The US is launching a pilot program to enable private sponsorship for refugees from around the world

washington — The Biden administration on Thursday will announce a pilot program that will allow groups of American citizens to financially sponsor resettlement refugees Fleeing war and violence around the world, three people briefed on the announcement told CBS News.

The State Department initiative, which will be called the Welcome Corps, could pave the way for a sea change in US refugee policy, as most of the refugees brought to the US in recent decades have been resettled by nine non-profit organizations, receive federal funds.

Under the program, which is modeled after a long-standing system in Canada, groups of at least five US residents could have the opportunity to sponsor refugees if they raise $2,275 per refugee, pass background checks and submit a plan how they will help newcomers, the sources said.

Approved private sponsors will play the role of traditional resettlement agencies, helping newly arriving refugees access housing and other basic needs such as food, medical care, education and public services to which they are entitled.

The Biden administration initially said it would launch the program before the end of 2022. However, in a statement in late December, the State Department said the schedule had shifted. During the first phase of the program, officials will match sponsors with overseas refugees who have already been granted entry permits into the United States

“Later, through the pilot program, we will introduce an identification component that will allow private sponsors to identify refugees abroad who are to be referred to the (US refugee program) and apply to support their resettlement as private sponsors,” das said State Department in its December statement.

The Welcome Corps initiative will be the Biden administration’s latest effort to expand legal immigration channels for refugees and migrants with family members and others in the United States willing to provide them financial support.

The Ministry of Foreign Affairs at the end of 2021 permitted “Circles of sponsors” of at least five private individuals to sponsor some of the tens of thousands of Afghan evacuees who were resettled in the US following the Taliban takeover of Afghanistan.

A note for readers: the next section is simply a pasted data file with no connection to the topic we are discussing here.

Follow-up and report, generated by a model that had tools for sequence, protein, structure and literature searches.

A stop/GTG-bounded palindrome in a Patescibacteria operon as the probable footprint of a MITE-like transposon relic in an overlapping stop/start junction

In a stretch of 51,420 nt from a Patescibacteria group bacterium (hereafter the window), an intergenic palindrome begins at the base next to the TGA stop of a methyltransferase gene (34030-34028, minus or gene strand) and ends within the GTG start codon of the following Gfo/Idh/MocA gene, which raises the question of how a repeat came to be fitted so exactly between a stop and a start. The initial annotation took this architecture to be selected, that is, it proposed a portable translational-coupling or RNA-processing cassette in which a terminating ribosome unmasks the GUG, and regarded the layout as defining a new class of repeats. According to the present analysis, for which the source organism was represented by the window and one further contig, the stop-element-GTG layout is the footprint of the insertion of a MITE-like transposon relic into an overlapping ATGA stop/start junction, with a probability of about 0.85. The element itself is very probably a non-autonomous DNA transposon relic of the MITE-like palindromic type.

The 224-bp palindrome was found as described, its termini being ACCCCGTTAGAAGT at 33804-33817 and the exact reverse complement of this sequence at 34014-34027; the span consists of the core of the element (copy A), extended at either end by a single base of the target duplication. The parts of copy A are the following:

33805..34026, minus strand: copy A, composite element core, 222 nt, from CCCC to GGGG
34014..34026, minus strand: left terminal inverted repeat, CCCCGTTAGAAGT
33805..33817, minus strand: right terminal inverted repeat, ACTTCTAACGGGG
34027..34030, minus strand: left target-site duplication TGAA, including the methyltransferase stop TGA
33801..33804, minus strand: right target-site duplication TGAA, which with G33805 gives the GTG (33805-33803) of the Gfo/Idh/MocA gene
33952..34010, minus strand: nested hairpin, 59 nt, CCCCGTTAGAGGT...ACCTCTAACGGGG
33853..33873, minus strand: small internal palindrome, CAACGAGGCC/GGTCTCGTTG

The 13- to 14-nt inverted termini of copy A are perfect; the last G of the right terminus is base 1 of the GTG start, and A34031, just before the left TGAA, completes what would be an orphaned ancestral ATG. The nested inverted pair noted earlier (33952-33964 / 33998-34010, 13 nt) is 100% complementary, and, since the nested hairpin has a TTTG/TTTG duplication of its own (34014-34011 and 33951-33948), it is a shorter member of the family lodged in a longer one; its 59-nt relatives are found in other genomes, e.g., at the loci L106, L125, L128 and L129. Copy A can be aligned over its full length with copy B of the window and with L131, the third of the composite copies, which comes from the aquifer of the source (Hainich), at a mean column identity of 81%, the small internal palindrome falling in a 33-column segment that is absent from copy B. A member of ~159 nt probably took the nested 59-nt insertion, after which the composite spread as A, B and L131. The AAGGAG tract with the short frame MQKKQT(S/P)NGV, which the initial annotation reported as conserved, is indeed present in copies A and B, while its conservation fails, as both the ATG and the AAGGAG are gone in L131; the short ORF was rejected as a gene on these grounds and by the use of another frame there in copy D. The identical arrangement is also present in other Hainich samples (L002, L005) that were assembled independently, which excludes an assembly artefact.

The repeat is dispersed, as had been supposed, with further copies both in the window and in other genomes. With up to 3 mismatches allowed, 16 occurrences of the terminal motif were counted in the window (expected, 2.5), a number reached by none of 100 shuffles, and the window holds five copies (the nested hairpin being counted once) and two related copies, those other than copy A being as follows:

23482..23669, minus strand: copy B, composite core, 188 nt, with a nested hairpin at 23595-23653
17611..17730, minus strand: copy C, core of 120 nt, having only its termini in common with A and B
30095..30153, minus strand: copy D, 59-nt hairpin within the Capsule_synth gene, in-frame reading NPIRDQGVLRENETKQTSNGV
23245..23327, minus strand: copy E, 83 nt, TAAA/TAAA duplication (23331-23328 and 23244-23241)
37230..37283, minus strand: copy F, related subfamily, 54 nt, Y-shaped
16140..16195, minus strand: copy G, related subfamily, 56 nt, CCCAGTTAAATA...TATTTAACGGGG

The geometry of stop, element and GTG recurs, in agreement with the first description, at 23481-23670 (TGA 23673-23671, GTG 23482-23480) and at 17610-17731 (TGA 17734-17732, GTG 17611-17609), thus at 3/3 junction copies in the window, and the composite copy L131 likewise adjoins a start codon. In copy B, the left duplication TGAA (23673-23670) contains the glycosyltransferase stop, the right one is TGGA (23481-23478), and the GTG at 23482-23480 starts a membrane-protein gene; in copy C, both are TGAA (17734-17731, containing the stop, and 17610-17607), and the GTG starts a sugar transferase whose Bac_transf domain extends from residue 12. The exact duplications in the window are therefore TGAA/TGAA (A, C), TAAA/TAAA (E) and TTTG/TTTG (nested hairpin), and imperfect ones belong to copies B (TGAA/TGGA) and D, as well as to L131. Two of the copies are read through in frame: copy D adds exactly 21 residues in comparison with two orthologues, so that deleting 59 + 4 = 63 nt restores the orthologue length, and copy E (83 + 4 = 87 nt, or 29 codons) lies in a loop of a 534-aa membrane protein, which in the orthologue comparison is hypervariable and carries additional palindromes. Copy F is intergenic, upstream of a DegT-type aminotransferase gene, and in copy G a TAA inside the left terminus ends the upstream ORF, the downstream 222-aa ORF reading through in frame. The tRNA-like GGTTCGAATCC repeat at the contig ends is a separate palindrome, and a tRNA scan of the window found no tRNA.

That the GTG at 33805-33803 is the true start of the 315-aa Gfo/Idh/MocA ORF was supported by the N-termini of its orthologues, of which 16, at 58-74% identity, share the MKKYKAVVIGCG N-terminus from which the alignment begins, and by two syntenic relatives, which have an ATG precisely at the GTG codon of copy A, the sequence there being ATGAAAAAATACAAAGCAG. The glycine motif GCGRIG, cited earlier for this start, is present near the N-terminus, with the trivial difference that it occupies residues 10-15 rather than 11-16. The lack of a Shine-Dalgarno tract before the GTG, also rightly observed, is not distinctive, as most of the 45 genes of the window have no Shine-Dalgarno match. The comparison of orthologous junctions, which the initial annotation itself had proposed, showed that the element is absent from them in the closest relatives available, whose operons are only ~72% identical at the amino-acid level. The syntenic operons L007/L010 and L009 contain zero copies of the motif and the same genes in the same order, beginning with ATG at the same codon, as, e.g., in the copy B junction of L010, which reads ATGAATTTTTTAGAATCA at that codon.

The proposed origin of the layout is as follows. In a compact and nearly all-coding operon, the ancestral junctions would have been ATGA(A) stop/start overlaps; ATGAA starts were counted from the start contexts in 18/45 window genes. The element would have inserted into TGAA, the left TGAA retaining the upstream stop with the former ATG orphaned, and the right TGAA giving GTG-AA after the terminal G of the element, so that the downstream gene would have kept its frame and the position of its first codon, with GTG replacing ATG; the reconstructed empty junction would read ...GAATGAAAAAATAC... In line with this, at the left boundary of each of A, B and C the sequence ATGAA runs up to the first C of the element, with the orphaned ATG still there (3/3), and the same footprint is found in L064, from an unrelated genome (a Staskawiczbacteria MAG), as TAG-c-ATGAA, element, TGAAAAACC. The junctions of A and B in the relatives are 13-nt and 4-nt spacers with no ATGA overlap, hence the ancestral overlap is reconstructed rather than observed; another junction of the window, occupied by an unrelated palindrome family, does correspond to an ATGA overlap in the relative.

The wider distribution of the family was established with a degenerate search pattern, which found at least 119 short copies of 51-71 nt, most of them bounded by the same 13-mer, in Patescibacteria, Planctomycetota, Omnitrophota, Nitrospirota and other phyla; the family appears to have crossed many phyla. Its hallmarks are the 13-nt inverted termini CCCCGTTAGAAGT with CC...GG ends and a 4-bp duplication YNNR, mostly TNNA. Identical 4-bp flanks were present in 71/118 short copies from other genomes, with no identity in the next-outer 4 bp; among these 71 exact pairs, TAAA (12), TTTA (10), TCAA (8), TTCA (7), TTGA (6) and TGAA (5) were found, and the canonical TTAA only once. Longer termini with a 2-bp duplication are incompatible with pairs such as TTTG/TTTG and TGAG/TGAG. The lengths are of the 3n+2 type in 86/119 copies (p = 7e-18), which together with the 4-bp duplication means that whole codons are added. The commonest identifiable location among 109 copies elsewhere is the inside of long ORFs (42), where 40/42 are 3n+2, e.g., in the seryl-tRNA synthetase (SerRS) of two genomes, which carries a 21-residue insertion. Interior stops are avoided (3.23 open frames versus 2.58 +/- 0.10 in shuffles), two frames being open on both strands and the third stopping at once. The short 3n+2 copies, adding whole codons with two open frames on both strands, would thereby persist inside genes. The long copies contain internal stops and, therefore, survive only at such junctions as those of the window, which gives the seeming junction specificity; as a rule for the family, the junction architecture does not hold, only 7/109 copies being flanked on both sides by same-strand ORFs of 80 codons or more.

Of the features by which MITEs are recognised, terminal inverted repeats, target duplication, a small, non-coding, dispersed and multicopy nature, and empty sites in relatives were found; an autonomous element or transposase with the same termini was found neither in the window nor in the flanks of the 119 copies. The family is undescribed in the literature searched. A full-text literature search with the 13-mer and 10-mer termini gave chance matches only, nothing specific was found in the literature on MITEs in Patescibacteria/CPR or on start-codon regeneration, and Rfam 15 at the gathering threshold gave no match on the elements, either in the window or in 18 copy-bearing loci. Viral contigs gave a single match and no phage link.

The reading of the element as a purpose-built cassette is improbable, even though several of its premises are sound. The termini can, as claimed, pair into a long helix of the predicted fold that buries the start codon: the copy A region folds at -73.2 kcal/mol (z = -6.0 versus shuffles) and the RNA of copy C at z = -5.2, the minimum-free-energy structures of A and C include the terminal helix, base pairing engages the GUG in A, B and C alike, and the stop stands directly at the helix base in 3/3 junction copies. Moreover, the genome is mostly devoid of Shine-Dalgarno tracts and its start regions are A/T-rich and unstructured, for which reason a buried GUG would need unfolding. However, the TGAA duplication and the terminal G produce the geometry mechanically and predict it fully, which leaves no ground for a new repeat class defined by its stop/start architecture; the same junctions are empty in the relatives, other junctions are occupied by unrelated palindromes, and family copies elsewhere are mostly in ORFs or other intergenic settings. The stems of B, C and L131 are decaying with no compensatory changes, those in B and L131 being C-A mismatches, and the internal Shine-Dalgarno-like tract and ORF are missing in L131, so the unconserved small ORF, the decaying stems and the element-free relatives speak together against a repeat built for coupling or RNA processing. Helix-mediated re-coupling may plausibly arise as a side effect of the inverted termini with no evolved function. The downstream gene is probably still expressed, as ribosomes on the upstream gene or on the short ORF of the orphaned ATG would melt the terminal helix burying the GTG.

Then, in early 2022, officials launched a program that would allow Ukrainians displaced by the Russian invasion of their homeland to come to the US under the Humanitarian Parole Board if they had US-based sponsors. More than 100,000 Ukrainians have come to the US under the policy, federal statistics show.

Officials have since expanded this approach, allowing US residents to sponsor the entry of citizens from Cuba, Haiti, Nicaragua and Venezuela to discourage migrants from those countries from crossing the southern border illegally. Migrants from these countries, like Ukrainians, are temporarily allowed to legally live and work in the United States through the parole board.

Unlike those arriving under parole, the refugees arriving under the sponsorship initiative announced Thursday are eligible for permanent legal status and ultimately U.S. citizenship as they are processed through the traditional refugee program.

Officially established in 1980, the US refugee program has provided a safe haven to more than 3 million refugees fleeing conflict, ethnic persecution and other forms of violence. Refugees go through a year-long process of interviews, security clearances, and medical exams before arriving in the United States

While President Biden has vowed to rebuild the US refugee system, which has been crippled by the COVID-19 pandemic and drastic Trump-era cutbacks, his administration has done so fought Bringing refugee admissions back to pre-pandemic levels and meeting its ambitious resettlement targets.

In fiscal 2022, the US took in 25,465 refugees, occupying just 20% of the 125,000 refugee slots allocated by Mr. Biden. In the first three months of fiscal 2023, for which Mr. Biden again set a goal of taking in up to 125,000 refugees, the US resettled fewer than 7,000 refugees, State Department figures show.

While the pandemic temporarily suspended refugee admissions and slowed refugee interviews, the program was drastically scaled back on political directives from President Trump, who argued that refugees pose an economic, national security and cultural threat to the United States

The Trump administration cut refugee intakes, allocating an all-time low of 15,000 places in fiscal 2021. It also restricted the categories of those who could be resettled and sought to give states and cities a veto on refugee resettlement. The Trump restrictions and record-low caps prompted the nonprofits relocating refugees to lay off staff and close offices across the country. The US is launching a pilot program to enable private sponsorship for refugees from around the world

Rick Schindler

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